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Battle of Tailgate: Ram Multifunction feature fires back against Ford, GMC

Henry Payne
The Detroit News

Call it The Battle of Tailgate.

This week, Fiat Chrysler Automobiles NV's Ram launched another salvo at the truck market, making its dazzling, 60-40 split tailgate even more versatile with a companion, retractable step. Unlike conventional drop gates, the Ram 1500’s tailgate opens outward like a barn door allowing easier fork-lift pallet access to the bed — or easier individual access via a pop-out step.

The full-size truck’s innovation was the latest weapon in a battle begun by Ford Motor Co. over a decade ago with its Tailgate step — recently eclipsed by the General Motors Co. GMC Sierra’s jaw-dropping (literally, check out the ads), six-function Multi-Pro gate.

Once upon a time, the Detroit Three pickup wars were about who could tow more. But today, with pickup sales earning big profits at over 3 million units sold a year, skirmishes are breaking out all over the truck — not just under its hood.

The trick tailgate clash follows pitched battles over best interior, most creative bed, coolest console, and best super truck.

“Every truckmaker is looking for some away to set themselves apart,” said Roman Mica, publisher of The Fast Lane Truck, a leading truck benchmarking website. “So now we have a tailgate battle.”

Combined with the $395 retractable step available via Ram’s Mopar parts subsidiary, the $995 Multifunction tailgate is a cheaper option than the GMC Sierra’s Multi-Pro tailgate which is only available on upper trim models starting around $45,000. But it probably won’t bring your neighbor running for a demo. The six-way Multi-Pro has wowed truck buyers with its button-operated, six-way versatility: 1) tailgate drop, 2) long-board load stop, 3) second-tier, board load stop, 4) work surface, 5) walk-in standing desk, 6) bed-entry stairs.

The 2020 GMC Sierra's six-function MultiPro tailgate includes a walk-in bed feature - and fits six bicycles in its bed.

GMC’s Multi-Pro ads — with jaws and tailgates dropping in awe as a GMC Sierra rolls by — have been a staple of weekend football games.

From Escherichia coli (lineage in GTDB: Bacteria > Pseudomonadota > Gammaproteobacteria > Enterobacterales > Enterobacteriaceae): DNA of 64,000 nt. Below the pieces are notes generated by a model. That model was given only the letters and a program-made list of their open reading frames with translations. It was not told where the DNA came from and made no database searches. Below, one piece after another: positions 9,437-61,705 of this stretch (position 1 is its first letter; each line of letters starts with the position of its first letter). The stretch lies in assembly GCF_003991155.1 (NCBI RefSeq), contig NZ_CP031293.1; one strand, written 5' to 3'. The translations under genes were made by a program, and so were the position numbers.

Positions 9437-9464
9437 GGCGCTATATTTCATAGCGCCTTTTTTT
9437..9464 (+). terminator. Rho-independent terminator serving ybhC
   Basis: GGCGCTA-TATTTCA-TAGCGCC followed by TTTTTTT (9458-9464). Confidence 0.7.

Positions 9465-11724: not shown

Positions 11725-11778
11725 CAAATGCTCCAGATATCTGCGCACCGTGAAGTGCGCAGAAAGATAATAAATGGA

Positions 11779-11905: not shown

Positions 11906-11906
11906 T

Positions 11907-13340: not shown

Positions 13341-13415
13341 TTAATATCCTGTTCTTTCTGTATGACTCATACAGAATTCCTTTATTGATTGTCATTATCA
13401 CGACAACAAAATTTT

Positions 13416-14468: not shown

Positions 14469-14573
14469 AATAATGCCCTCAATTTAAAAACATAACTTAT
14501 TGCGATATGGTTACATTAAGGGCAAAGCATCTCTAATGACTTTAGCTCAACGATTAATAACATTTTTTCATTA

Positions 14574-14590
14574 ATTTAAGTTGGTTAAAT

The Ram’s two-way tailgate not only opens to an 88-degree angle for easier forklift loading — but it also drops like a normal tailgate. The pop-out bed step is mounted under the middle of the rear bumper for easy bed access when the barn door opens. The retractable step is also available with a regular tailgate — swinging out from the driver’s side, rear-bumper corner.

“Our retractable bed step further enhances the convenience and utility of Ram’s industry-leading cargo management system,” said Mopar parts chief Mark Bosanac.

Ram’s innovation leaves Ford trailing its cross-town rivals, which is ironic since TFL Truck’s Mica said Ford started the tailgate battle.

“The F-150 has had a tailgate step for years,” he said. “And to be fair, the Honda Ridgeline (midsize pickup) pioneered the swing gate before Ram.”

Ford’s Tailgate step was re-engineered in 2014 to fully disappear into the tailgate when not in use. The tailgate package includes a grab handle that pops out to help with bed access. That’s so 15 minutes ago. Ford is now reportedly working on its own multi-function tailgate for the F-150.

Ram’s news comes on the heels of its success in the console battle. Its 12-inch, Tesla-like screen wowed in 2018.

“Interiors used to be Plain Jane,” said Mica colleague, Andre Smirnov at TFLTruck. “Then Ram blew everyone out of the water with an interior worthy of a BMW 7-series or a BMW S-class.”

Barb Willobee, Mopar Design Lead Engineer demonstrates the factory-engineered, factory-backed retractable, center-mounted bed step for the Ram 1500, further enhancing the functionality of Ram’s exclusive multifunction tailgate. Designed to fit specifically with the multifunction tailgate, the step is rated for 350 pounds.

Ford responded with its “table console” in the forthcoming, 2021 F-150 — which boasts innovations like a stowable, electronic gear shifter to clear a flat, interior work surface.

Territory aft of the front cabin has become a battleground, too. Ram offers sub-floor storage bins, GMC and Chevy Silverado have carved out hidden cubbies in the second-row seatbacks, and the 2021 Ford introduces lockable storage underneath the seats.

Further aft, the pickup bed became a high-profile showdown between F-150 and Silverado when Ford introduced the first aluminum truck in 2015. Chevy tried to puncture Ford’s bubble — literally — with an ad dropping a toolbox into the F-150’s bed to punch holes in the tin.

More recently Silverado laid claim to the segment’s biggest bed. Not to be outdone, Ram boasts the pickup war’s only bed-side toolboxes — called RamBox Cargo Management System.

Detroit's three automakers have not forgotten about the engine bay.

Each model cycle seems to bring a new champ when it comes to clean-and-jerking the most weight. For 2020, the Silverado leads the field at 13,400 pounds towing — 2,543 pounds payload in the bed. F-150 is next with 13,200 pounds of towing — 3,270 pounds payload. Then Ram 1500 at 12,750 pounds and 2,500 payload.

All three makers vie for best fuel economy with diesel engines offerings. Chevy leads by a nose with 27 mpg versus Ram’s 26 and Ford’s 24.

When fuel economy is the least of your concerns, a battle is brewing on the “super truck” front. Like the horsepower wars of Mustang vs. Camaro vs. Challenger, pickups are pawing the ground.

Ford innovated the segment with the Baja Desert-eating, 450-horsepower Raptor. Ram is countering in 2021 with its own prehistoric predator, the TRX (pronounced T-Rex) stuffed with a 702-horse Hellcat engine.

And where Ford and Ram are, GM can’t be far behind.

Henry Payne is auto critic for The Detroit News. Find him at hpayne@detroitnews.com or Twitter @HenryEPayne.